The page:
Now, in the given number, the unit’s place digit is 2, its square will end with the unit digit of the multiplication (2 × 2 = 4)i.e., 4.

iii. 799

Ans:It is known to us that, the square of the number having unit place digit as ‘a’, will end up with the unit digit of ‘a× a’.

Now, in the given number, the unit’s place digit is 9, its square will end with the unit digit of the multiplication (9 × 9 = 81) i.e., 1.

iv. 3853

Ans:It is known to us that, the square of the number having unit place digit as ‘a’, will end up with the unit digit of ‘a× a’.

Now, in the given number, the unit’s place digit is 3, its square will end with the unit digit of the multiplication (3× 3 = 9) i.e., 9.

v. 1234

Ans:It is known to us that, the square of the number having unit place digit as ‘a’, will end up with the unit digit of ‘a× a’.

Now, in the given number, the unit’s place digit is 4 ,its square will end with the

unit digit of the multiplication (4 × 4 = 16) i.e., 6.

vi. 2638

Ans:It is known to us that, the square of the number having unit place digit as ‘a’, will end up with the unit digit of ‘a× a’.

Now, in the given number, the unit’s place digit is 7, its square will end with the unit digit of the multiplication (7 × 7 = 49) i.e., 9.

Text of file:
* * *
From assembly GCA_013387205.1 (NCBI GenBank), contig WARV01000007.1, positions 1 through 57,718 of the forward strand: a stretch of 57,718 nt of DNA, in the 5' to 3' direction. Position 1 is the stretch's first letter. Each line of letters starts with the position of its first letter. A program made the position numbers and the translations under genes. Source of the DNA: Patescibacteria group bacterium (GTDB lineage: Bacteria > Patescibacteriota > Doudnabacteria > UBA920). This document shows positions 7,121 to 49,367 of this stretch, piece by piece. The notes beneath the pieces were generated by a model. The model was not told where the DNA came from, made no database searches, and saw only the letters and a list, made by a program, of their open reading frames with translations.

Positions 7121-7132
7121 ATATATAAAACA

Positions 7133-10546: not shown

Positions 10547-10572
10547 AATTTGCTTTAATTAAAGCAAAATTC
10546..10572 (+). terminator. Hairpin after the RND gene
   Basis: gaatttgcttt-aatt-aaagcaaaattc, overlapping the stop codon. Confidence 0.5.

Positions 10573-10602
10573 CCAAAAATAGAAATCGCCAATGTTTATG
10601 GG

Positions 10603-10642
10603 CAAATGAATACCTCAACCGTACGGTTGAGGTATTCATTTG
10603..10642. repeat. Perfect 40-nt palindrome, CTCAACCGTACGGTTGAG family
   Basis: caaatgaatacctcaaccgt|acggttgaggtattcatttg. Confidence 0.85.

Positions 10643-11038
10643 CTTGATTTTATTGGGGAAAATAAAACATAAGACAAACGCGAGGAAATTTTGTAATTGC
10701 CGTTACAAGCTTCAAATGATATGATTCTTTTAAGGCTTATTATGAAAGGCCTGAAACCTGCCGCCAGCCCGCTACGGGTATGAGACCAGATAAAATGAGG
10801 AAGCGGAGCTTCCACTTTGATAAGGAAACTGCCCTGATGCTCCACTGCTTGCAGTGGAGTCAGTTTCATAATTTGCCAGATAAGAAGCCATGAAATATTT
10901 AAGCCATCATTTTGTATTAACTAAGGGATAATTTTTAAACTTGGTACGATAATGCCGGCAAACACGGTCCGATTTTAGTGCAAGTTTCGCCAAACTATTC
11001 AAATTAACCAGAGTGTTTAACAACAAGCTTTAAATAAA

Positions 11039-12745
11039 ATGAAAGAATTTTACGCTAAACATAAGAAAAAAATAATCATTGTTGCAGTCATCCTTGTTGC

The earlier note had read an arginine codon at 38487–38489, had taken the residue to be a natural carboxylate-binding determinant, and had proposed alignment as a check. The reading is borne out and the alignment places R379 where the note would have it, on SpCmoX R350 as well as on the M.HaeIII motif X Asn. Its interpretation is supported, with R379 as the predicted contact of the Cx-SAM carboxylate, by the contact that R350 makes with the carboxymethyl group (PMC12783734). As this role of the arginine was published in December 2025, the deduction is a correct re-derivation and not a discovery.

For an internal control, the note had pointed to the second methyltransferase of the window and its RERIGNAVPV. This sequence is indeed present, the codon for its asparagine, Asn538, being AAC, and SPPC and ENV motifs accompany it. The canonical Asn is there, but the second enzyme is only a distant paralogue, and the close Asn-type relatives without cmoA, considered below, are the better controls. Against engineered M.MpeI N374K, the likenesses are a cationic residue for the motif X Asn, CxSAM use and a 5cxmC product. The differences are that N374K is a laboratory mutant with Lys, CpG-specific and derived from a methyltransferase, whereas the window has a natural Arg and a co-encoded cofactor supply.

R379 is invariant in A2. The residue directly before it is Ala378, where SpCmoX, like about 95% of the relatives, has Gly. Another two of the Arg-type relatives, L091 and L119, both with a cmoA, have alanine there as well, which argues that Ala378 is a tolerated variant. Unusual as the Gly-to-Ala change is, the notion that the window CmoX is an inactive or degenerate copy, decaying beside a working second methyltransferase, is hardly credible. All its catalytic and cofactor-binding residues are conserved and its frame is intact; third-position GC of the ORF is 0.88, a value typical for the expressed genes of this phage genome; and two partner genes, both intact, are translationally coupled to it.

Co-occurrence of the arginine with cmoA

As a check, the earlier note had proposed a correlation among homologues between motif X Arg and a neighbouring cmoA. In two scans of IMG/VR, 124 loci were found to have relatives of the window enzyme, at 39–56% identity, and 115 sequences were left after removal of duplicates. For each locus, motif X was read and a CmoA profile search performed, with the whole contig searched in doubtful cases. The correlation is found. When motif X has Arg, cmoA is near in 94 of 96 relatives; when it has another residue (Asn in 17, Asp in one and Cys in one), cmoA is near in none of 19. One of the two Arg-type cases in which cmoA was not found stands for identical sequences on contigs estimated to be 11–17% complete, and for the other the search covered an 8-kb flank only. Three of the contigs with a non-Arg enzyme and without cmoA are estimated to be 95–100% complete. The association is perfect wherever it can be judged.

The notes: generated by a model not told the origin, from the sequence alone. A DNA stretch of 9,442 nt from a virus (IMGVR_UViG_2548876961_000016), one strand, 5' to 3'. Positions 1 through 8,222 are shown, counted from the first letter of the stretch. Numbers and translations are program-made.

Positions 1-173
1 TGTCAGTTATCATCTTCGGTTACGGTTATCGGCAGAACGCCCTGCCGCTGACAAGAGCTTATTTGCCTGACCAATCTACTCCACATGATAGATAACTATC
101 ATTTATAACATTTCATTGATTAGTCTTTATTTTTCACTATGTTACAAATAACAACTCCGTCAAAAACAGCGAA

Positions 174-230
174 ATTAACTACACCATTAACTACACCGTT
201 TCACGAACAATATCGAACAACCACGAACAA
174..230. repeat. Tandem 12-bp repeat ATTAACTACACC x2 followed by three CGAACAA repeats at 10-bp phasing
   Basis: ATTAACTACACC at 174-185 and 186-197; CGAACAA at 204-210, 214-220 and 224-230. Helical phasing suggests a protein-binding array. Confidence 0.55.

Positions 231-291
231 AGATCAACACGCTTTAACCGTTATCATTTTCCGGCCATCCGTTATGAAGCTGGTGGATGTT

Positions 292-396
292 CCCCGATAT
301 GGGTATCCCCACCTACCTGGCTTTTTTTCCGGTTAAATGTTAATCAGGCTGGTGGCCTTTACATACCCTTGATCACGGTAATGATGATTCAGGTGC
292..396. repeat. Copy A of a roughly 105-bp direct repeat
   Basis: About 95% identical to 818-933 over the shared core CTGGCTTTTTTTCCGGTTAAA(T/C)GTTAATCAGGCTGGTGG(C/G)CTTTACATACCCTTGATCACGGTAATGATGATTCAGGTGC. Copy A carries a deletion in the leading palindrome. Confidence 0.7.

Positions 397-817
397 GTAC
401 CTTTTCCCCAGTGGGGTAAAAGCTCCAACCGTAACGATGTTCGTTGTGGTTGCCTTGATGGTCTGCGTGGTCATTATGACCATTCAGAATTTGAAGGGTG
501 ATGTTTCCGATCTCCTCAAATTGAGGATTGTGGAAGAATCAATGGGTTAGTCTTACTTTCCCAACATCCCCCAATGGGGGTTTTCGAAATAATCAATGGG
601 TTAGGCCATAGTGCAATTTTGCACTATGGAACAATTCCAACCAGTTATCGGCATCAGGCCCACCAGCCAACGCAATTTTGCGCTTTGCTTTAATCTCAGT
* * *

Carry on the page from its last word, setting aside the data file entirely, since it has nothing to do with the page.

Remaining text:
vii. 52698

Ans:It is known to us that, the square of the number having unit place digit as ‘a’, will end up with the unit digit of ‘a× a’.

Now, in the given number, the unit’s place digit is 8, its square will end with the unit digit of the multiplication (8 × 8 = 64) i.e., 4.

viii. 99880

Ans:It is known to us that, the square of the number having unit place digit as ‘a’, will end up with the unit digit of ‘a× a’.

Now, in the given number, the unit’s place digit is 0 ,its square will have two zeroes at the end. Hence, the unit digit of the square of the given number is 0 .

ix. 12796

Ans:It is known to us that, the square of the number having unit place digit as ‘a’, will end up with the unit digit of ‘a× a’.

Now, in the given number, the unit’s place digit is 6, its square will end with the unit digit of the multiplication (6 × 6 = 36) i.e., 6.

x. 55555

Ans:It is known to us that, the square of the number having unit place digit as ‘a’, will end up with the unit digit of ‘a× a’.

Now, in the given number, the unit’s place digit is 5, its square will end with the unit digit of the multiplication (5 × 5 = 25) i.e., 5.

2. Give reason why the following numbers are not perfect squares.

i. 1057

Ans:The square of numbers may end with any one of the digits 0 , 1 ,4 , 5 , 6 , or 9. Also, a perfect square has even number of zeroes at the end of it. We can see that 1057 has its unit place digit as 7 .

Hence, 1057 cannot be a perfect square.

ii. 23453

Ans:The square of numbers may end with any one of the digits 0 , 1 ,4 , 5 , 6 , or 9

Also, a perfect square has even number of zeroes at the end of it.

We can see that 23453 has its unit place digit as 3 .

Hence, 23453 cannot be a perfect square.

iii.7928

Ans:The square of numbers may end with any one of the digits 0 , 1 ,4 , 5 , 6 , or 9